A Writer’s Bill of Rights for the Digital Age 2.0

Canadian Writers Declare Their Digital Rights 

The Writers’ Union of Canada, which represents nearly two thousand of the country’s book authors, today issued “A Writer’s Bill of Rights for the Digital Age 2.0.”  The Bill has been endorsed by other writers’ organizations, including CANSCAIP (Canadian Society of Children’s Authors, Illustrators and Performers), the League of Canadian Poets, the Professional Writers Association of Canada,  the Saskatchewan Writers’ Guild, and the Writers’ Alliance of Newfoundland and Labrador.

Central to this Bill of Rights is the principle that writers must be able to manage their digital rights and earn their fair share of the revenues generated by their work when it appears in digital form.  “Over the past year,  the issue of electronic rights has been front and centre with our members,” said author and Writers’ Union Chair Greg Hollingshead.  “While much of the media attention on the digital evolution focuses on the tech companies themselves, it is important to remember that it all starts with the words of a writer.  Our members, the professional book authors of Canada, wanted to express our views on how that content should be valued in a digital age.”

The Bill calls on government, publishers, libraries, agents, and authors to work together to protect digital works and to ensure their lawful use, in sum, to do right electronically by writers. It asks government to ensure that copyright legislation protects writers’ intellectual property in the electronic realm.  It articulates contract terms for rights reversion and an equitable sharing of net proceeds from the sale of ebooks, and it calls on publishers to honour such terms. It asks that libraries acquire digital copies of works only from rightsholders or their licensing agencies.

“On average, writers earn 10% to 15% of the cover price of a book or ebook,” Hollingshead observed. “The other 85% or 90% supports a crucial network of small and medium enterprises that look after publishing, advertising, printing, digitizing, design, distribution, and retailing. Our Bill of Rights recognizes the writer’s work as the starting point for this entire industry – whether that work ends up in print or electronic form.  In the novelty and sweep of digitization we must not forget this.”

The first version of the Bill of Rights was released in 2011. This version, the result of extensive input from writers and consultation within the industry, is being released during The Writers’ Union’s annual OnWords Conference and Annual General Meeting, taking place in Vancouver from May 24 to 27.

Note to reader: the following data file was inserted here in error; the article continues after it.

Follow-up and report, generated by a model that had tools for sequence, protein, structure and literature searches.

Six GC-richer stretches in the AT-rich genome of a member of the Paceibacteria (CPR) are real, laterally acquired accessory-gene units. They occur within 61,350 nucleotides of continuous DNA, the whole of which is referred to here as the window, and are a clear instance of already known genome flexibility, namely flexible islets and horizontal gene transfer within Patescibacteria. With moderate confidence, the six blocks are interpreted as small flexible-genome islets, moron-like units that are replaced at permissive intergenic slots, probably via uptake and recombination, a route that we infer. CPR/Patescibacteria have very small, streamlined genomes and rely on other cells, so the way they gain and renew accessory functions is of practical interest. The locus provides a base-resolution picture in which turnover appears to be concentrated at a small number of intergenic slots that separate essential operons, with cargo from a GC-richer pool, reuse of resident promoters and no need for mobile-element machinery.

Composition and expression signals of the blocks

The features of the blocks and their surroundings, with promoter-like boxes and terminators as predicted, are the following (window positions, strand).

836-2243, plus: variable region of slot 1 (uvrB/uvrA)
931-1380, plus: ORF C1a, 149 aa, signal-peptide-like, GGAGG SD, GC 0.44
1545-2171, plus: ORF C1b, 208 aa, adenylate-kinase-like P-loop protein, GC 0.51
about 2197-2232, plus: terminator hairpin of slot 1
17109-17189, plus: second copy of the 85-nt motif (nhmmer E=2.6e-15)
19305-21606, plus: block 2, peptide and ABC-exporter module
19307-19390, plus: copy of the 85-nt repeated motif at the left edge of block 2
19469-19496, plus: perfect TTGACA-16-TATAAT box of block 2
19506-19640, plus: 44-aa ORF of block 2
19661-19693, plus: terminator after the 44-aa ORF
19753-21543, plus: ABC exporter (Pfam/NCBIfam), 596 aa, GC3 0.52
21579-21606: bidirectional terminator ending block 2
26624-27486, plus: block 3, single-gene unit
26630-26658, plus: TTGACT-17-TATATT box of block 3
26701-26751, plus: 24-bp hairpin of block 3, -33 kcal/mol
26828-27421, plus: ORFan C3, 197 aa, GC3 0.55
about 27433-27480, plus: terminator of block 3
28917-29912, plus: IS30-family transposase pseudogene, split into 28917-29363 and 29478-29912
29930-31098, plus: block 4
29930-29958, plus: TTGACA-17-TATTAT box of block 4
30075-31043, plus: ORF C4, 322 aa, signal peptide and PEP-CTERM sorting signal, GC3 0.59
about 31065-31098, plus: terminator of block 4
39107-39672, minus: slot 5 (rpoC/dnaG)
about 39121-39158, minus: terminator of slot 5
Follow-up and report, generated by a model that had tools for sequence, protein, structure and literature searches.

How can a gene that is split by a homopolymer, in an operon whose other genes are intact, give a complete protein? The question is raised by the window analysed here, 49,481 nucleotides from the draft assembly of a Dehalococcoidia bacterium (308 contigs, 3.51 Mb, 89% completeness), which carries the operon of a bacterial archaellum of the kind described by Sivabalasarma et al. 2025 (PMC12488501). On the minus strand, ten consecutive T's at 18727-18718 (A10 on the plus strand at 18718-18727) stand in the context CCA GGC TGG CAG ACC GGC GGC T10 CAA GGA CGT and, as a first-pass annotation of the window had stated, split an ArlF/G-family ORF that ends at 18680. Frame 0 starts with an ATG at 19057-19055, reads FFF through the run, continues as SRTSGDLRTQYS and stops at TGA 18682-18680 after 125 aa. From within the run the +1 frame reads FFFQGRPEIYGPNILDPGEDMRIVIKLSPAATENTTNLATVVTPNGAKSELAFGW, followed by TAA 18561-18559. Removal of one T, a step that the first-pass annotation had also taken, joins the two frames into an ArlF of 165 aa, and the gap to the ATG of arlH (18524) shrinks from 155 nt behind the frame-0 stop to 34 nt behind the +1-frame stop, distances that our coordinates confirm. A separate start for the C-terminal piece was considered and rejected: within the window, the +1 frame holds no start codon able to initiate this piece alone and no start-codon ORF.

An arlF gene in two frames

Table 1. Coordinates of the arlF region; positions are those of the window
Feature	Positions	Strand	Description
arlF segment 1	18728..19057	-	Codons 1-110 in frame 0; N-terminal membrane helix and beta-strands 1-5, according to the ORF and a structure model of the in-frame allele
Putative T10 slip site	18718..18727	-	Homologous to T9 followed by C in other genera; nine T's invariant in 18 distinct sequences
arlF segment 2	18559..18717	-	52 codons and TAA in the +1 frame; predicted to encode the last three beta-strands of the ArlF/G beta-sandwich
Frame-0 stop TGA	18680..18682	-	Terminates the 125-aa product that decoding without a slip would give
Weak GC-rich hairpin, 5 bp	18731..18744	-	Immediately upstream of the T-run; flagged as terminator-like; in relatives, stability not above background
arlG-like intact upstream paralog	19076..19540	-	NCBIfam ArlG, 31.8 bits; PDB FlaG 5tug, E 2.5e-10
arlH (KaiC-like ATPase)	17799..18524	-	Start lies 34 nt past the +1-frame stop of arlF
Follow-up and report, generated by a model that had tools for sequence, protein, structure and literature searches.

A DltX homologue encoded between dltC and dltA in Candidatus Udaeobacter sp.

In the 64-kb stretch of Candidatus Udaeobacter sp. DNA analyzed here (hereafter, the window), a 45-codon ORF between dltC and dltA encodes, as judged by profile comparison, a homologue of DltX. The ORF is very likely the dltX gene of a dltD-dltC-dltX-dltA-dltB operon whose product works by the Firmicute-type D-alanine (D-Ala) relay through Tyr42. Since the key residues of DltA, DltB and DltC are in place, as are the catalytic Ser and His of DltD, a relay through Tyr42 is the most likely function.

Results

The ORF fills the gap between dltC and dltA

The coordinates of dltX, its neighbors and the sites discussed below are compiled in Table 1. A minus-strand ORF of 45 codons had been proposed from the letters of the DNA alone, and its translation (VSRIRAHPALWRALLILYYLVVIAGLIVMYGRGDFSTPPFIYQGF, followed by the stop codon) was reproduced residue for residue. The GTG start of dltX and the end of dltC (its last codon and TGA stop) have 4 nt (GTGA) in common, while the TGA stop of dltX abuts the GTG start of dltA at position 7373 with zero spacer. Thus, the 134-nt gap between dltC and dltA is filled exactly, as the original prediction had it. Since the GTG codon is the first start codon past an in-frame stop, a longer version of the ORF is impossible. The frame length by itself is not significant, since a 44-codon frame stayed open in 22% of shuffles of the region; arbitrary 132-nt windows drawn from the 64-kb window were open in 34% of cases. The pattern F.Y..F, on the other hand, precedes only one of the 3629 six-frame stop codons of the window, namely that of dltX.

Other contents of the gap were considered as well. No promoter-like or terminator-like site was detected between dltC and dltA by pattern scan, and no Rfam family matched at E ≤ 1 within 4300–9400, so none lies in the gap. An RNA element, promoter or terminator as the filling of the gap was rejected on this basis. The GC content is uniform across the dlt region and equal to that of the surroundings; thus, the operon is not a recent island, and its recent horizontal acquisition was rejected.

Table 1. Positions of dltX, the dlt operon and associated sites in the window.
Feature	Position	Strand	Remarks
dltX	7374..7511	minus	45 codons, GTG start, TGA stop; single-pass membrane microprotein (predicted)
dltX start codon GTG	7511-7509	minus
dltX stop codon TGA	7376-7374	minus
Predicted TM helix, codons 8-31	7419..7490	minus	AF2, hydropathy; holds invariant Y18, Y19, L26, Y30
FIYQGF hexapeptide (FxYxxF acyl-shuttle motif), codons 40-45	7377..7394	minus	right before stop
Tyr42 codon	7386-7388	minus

“The digital landscape is constantly shifting,” Hollingshead adds. “Our Bill of Rights will continue to evolve with the circumstances.  The question we will always seek to answer is: What are our members’ core demands and principles with respect to their rights in the digital age?”  

Greg Hollingshead is available for interviews in Vancouver on Friday, May 25.

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About The Writers’ Union of Canada
The Writers’ Union of Canada, founded by writers for writers in 1973, is the national voice for Canadian book authors.  Its mandate is to support the interests of its members and to defend the freedom of all Canadians to read, write, and publish.  The Writers’ Union of Canada provides professional development and career resources for writers, administers reading programs, and provides updated industry information for its members.  We also advocate for writers’ rights, as well as for their economic well-being.

About Greg Hollingshead
Greg has published six books, not only in Canada but in the U.S., the U.K., Germany, and China. In 1995 his story collection The Roaring Girl won the Governor General’s Award for Fiction. His 1998 novel The Healer was shortlisted for The Giller Prize and won the Rogers Writers’ Trust Fiction Prize. His 2004 novel Bedlam was a Globe and Mail 100 Best Books of the Year, a New York Times Book Review Editor’s Choice, and longlisted for the IMPAC Dublin Literary Award. Greg is professor emeritus at the University of Alberta and director of writing programs at the Banff Centre. In 2007 he received the Lieutenant Governor of Alberta Gold Medal for Excellence in the Arts. He is currently the Chair of the Writers’ Union of Canada.  He divides his time between Ontario’s Algonquin Park and Edmonton.